"It is not the critic who counts. Not the man who points out how the strong man stumbled or where the doer of deeds could have done better. The credit belongs to the man who is actually in the arena, whose face is marred by dust and sweat and blood; who strives valiantly; who errs and comes short again and again; who knows the great enthusiasms, the great devotions; who spends himself in a worthy cause."
-Theodore Roosevelt

14 February 2012

The Iron Lady

Meryl Streep's magnificent Maggie Thatcher well and truly matches Helen Mirren's remarkable Queen. It helps, of course, that the script is so well written by Abi Morgan, but to humanise this incredible woman is a great achievement, whoever you give the credit to.

Of course, it is only her most obvious frailty that provides the window of opportunity. Morgan's script capitalises on the ageing Thatcher's senility, and I don't think there is any other way really to bring the woman down to earth enough for an audience to relate to her as a character.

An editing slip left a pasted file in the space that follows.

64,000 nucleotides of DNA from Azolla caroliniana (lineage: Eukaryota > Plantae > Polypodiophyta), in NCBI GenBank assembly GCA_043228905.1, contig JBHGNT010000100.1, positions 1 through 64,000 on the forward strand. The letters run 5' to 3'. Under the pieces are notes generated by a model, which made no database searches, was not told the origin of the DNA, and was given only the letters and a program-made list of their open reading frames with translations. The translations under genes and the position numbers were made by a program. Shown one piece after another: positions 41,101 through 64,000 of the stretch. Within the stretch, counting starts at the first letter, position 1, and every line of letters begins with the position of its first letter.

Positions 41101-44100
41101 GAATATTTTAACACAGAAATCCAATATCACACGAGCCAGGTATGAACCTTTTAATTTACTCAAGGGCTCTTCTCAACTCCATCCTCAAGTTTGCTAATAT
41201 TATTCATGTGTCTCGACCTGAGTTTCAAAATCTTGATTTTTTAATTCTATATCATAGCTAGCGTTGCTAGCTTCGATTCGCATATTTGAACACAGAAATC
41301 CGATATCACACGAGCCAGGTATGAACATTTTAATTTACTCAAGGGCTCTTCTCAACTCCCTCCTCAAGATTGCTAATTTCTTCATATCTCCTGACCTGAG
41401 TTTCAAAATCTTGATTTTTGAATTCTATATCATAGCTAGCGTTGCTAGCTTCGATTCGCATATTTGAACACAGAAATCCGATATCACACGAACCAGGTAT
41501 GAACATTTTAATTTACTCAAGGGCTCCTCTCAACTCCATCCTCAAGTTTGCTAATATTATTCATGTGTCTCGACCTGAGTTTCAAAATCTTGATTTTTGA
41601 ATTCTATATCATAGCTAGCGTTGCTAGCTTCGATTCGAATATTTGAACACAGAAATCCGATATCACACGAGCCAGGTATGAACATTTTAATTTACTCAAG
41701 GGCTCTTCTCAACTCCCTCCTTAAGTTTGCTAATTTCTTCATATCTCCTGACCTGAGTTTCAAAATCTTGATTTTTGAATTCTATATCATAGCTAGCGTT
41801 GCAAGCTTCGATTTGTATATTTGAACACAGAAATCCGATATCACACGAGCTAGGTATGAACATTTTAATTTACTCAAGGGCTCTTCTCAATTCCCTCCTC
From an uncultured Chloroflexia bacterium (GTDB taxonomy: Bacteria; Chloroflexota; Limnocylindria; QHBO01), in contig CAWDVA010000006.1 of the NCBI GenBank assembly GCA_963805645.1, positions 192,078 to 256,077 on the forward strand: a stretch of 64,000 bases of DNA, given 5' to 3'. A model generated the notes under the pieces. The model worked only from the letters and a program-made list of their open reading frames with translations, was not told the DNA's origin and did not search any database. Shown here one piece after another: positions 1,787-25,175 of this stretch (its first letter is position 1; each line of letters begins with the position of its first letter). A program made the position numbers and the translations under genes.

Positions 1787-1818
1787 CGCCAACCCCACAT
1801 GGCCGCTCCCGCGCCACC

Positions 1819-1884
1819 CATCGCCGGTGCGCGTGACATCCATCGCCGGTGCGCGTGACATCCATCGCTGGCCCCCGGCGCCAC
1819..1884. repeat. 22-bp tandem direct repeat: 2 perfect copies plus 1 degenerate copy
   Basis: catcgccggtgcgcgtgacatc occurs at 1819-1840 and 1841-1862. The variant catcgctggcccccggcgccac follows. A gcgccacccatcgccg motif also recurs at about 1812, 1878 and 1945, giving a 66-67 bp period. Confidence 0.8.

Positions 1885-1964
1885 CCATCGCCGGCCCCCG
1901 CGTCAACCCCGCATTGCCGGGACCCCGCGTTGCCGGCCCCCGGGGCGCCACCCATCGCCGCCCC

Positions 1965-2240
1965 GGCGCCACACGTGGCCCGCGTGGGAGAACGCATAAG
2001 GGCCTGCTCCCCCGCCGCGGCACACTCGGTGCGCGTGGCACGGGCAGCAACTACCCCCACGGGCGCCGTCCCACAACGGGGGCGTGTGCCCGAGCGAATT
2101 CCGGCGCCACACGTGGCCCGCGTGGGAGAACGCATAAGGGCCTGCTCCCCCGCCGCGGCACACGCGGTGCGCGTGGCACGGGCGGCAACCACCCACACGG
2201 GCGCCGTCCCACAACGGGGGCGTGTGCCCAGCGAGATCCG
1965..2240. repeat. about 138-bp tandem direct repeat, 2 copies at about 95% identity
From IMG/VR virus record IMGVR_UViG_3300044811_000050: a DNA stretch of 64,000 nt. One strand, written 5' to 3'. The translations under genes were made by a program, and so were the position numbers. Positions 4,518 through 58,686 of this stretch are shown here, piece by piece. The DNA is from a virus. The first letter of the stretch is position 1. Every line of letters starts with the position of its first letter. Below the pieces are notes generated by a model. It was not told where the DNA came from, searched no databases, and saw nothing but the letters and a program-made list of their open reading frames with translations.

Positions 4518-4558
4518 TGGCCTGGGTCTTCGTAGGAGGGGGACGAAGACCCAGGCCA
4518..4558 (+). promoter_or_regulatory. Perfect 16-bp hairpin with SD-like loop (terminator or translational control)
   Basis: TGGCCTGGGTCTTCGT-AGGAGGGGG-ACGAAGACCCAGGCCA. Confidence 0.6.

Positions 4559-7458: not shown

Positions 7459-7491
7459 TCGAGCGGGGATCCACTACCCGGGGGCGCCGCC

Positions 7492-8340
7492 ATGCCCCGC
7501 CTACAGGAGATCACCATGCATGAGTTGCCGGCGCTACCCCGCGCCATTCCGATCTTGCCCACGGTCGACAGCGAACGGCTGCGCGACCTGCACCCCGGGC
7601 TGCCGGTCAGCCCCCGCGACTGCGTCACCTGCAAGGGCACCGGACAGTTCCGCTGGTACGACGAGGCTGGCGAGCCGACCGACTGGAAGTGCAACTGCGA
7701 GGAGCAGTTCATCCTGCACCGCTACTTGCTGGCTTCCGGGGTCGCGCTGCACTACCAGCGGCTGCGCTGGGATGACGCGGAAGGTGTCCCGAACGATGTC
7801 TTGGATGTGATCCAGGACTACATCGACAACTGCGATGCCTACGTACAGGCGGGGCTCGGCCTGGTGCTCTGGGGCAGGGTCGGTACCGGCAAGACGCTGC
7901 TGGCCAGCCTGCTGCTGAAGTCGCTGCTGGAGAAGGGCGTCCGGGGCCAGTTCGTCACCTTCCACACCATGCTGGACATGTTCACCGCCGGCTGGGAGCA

The film lacks some of The Queen's zing. It creates magnificent character, but because of its broad sweep, it fails to create such a clear focus and the character is only just enough to cover the rather flat narrative structure.

The Iron Lady is a very good film, and one well worth watching. But just in case any of you Poms were thinking about it, I've now seen enough biographical films about your twentieth century politicians. They're really not that interesting.

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